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Why Democrats are no lock to flip the House

Why Democrats are no lock to flip the House

Most polling suggests that Democrats should flip the House of Representatives in the midterm elections — but some analysts warned that nothing is certain a week before the pivotal contests.

“Our current hard count in the House is 212 D, 202 R, 21 toss-ups. Neither party is over 218, a majority. Democrats have the better chance to go over the top, since 20 of 21 tossups are currently held by the GOP. That doesn’t guarantee that the Democrats actually will,” Larry Sabato, head of the University of Virginia’s Center for Politics, emailed The Post on Monday.

But another analysis on Monday predicted that Democrats had an 86.4 percent chance of capturing the House, while Republicans had only a 13.6 chance of keeping their majority.

Democrats, who would need to pick up 23 seats to gain control, reportedly plan to spend $143 million on TV ads in House races, compared to about $86 million for Republicans.

And even White House officials were pessimistic about their chances, with Bill Stepien, director of political affairs, already laying the groundwork to shift blame away from President Trump should the party lose the House.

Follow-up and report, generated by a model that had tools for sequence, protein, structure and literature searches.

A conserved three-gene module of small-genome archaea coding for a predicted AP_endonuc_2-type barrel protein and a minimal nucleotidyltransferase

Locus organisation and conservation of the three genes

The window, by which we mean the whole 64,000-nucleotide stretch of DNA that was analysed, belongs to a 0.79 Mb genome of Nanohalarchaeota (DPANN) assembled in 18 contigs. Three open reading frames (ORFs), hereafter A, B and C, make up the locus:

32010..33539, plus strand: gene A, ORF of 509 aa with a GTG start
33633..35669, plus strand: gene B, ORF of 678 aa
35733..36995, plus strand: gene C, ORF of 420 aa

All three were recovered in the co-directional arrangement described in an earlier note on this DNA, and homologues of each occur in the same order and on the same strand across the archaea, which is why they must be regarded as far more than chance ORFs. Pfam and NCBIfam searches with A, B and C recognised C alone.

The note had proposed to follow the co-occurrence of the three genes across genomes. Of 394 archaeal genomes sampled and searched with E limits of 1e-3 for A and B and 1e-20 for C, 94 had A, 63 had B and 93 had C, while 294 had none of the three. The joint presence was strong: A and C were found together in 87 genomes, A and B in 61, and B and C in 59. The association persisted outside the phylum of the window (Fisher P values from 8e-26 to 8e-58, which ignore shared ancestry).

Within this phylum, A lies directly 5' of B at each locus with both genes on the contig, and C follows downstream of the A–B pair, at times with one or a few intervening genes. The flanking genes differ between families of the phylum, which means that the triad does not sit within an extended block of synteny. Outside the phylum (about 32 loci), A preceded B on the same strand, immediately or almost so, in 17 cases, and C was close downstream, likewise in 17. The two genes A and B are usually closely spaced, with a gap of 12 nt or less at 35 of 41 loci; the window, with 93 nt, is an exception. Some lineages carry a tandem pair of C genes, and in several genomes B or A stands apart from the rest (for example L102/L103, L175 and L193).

Stepien argued in an internal memo obtained by Bloomberg News that the GOP has been hindered by historical headwinds, a wave of incumbent retirements and strong fundraising by Democratic challengers.

Team Trump still sees a possible path to victory, but there’s no longer talk of what Trump predicted would be a “red wave,” in which his energized base flocked to the polls to preserve GOP control of both houses of Congress.

The president himself last publicly used the “red wave” phrase in August, the news service reported.

Sabato said it was far less likely that Democrats could win the Senate, where the GOP holds a 51-49 seat majority.

“In the Senate we currently have Rs at 50 — all they need to control with Pence — Dems at 45, with 5 toss-ups,” he said.

“For Dems to win 51, they’d have to sweep the toss-ups, and switch a GOP seat such as Tennessee or Texas. Not impossible but the equivalent of an inside straight.”

A new poll Monday by Quinnipiac University in one of the closest-watched Senate races gave Texas Republican Ted Cruz a narrow 51-to-46 percent edge over Democratic challenger Beto O’Rourke.

Trump has been campaigning furiously for GOP candidates in the weeks leading up to the Nov. 6 election, holding MAGA rallies in which he rails against the media, illegal immigrants and Democrats to fire up his base.

Democrats, meanwhile, have largely campaigned on their vow to expand health care coverage and other domestic issues.

Published at Tue, 30 Oct 2018 02:53:42 +0000